(Black Economic Empowerment or BEE, to be explained in the next issue) in order to improve the conditions of poor and
impoverished black people.
However, the reality was it created a group of super wealthy black people while finding it difficult and failing to improve the
lives of most blacks resulting in a situation of widening inequality. Furthermore, graft and corruption has spread throughout
the government over the long-term with the support rate for the ANC gradually dropping along with it (note 8). As a result,
although the ANC again came out on top in the 2014 general elections, the level of support for them fell. On the other hand,
the radical left wing party Economic Freedom Fighters (EFF), just formed in 2013, scored a breakthrough by becoming the
2nd largest opposition party reflecting the dissatisfaction in society, especially among young people (graphs 3 and 4).
Graphs 3 and 4: South African General Election Results
As support for the ANC continues to fall, political confusion only deepens further. At the end of 2015, President Zuma, in a
political confrontation, dismissed the finance minister, Mr. Nhlanhla Nene, who the markets had strong confidence in, and
appointed a novice parliamentary member (Mr. David Van Rooyen) to replace him. South Africa’s currency plummeted
sending a clear message that political turmoil is a hindrance to the South African economy (note 9).
Under these circumstances the ANC will hold their party convention in December where the party’s presidential candidate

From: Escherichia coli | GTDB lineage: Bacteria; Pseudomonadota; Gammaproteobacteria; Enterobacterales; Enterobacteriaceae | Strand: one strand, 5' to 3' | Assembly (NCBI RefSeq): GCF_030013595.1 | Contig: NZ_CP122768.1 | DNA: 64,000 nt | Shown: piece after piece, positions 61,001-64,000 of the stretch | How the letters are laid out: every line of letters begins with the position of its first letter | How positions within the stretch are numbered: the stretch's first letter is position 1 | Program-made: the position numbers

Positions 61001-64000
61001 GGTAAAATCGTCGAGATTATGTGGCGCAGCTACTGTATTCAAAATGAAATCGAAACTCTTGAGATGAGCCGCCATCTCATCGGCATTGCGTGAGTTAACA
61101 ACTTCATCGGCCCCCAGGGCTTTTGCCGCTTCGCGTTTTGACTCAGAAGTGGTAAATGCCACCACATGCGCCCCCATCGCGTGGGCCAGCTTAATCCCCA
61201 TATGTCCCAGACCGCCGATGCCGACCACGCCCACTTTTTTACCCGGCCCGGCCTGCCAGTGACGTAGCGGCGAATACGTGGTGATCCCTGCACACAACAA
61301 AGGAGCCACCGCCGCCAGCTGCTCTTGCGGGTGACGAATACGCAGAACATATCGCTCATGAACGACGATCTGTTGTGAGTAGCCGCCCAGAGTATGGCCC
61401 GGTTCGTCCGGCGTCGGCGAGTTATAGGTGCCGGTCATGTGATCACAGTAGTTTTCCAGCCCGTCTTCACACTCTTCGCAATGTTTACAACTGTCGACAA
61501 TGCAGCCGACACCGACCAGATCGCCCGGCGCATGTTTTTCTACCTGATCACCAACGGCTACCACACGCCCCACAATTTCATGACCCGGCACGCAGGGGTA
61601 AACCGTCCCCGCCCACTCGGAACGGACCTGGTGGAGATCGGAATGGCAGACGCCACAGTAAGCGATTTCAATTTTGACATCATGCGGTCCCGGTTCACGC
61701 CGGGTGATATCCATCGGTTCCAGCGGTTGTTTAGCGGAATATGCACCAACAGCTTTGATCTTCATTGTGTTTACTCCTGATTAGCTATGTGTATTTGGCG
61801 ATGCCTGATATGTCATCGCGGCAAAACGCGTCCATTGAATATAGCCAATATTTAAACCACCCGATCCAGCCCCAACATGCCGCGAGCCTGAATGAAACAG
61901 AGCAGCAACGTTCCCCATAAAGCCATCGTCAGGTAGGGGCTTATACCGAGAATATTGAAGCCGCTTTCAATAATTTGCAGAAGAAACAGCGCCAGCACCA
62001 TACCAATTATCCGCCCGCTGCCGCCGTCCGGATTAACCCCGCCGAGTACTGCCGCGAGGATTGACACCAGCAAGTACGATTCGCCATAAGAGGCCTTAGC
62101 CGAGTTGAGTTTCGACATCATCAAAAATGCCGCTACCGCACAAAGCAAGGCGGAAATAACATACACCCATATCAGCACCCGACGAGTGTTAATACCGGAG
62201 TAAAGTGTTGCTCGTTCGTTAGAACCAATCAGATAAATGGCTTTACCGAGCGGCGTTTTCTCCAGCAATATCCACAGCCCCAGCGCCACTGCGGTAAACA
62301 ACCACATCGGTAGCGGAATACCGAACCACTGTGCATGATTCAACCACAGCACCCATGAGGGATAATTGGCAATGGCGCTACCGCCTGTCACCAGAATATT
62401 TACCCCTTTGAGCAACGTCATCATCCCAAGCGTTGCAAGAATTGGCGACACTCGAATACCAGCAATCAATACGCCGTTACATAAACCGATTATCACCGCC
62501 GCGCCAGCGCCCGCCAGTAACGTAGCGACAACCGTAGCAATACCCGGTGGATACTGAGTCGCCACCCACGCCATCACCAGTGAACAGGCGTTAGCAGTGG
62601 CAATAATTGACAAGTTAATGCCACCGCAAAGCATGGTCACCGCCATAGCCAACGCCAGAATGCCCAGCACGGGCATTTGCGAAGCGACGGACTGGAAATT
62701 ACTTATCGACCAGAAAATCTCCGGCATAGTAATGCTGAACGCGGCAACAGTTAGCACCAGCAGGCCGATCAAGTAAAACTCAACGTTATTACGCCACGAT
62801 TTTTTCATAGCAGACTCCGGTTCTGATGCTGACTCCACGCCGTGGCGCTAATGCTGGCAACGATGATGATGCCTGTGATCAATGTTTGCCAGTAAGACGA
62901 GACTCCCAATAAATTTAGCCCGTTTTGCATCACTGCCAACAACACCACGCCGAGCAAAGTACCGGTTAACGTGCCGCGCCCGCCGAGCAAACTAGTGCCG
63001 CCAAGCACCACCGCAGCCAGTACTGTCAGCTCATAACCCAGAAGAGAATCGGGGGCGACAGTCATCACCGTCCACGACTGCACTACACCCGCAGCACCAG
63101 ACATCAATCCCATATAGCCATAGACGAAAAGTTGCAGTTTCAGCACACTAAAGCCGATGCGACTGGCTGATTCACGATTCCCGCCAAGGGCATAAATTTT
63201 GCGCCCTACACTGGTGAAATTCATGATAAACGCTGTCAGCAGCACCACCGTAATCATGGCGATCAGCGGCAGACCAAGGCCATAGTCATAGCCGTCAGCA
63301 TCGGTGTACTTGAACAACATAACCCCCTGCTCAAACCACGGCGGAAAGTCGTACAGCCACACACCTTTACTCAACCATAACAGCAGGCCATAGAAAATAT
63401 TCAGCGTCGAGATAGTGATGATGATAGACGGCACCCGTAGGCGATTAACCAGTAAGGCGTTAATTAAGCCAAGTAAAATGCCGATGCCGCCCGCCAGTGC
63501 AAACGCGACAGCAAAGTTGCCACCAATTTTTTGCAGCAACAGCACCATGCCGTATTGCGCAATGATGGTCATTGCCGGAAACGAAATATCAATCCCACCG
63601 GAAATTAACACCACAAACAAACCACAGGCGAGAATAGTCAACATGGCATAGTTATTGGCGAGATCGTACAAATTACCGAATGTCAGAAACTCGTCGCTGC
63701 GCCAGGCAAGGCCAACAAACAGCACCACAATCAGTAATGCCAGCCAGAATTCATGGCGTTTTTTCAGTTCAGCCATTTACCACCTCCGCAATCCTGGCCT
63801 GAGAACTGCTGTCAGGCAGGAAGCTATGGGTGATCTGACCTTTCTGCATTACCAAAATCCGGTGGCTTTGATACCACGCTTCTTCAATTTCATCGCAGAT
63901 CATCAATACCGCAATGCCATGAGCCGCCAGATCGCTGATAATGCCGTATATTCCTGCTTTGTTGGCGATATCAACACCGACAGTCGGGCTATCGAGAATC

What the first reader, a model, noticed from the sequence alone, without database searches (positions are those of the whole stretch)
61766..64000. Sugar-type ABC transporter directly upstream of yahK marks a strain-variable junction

will be elected. The current deputy president of South Africa, Mr. Cyril Ramaphosa and Mrs. Diamini Zuma, former
chairperson of the African Union and wife of current president Jacob Zuma, are said to be the frontrunners to replace
President Zuma. It is expected that a post-Zuma power struggle will ensue and intensify toward the end of the year possibly
straining the current political situation, so we should keep an eye on the political circumstances in South Africa from this
It has been over 20 years since the end of apartheid and the dream of realizing a “rainbow nation” through ethnic
reconciliation and harmony has not really been fulfilled. The actual
situation in South Africa is that various areas of society are fraying
particularly in the political and economic arenas (picture 4).
While we have some future worries about this country with the
comfortable climate, in part 2 I would like to introduce information on
South Africa’s traditional cuisine, tourism and the economic and
industrial situation from my experience as an expatriate living in
South Africa.
Picture 4: A statue of Nelson Mandela in front of a
shopping mall, it seems he is looking out at and can see
the political confusion in South Africa
Note 1: The word basically means “hello” in the Zulu language.
Note 2: Part of Swaziland’s border touches Mozambique.
Note 3: The ethnic breakdown of South Africa’s population is Black African: 80.5%, Colored (mixed): 8.8%, Caucasian: 8.3%,
and Indian: 2.5% (as of 2015 according to South Africa’s Bureau of Statistics). While black Africans make up the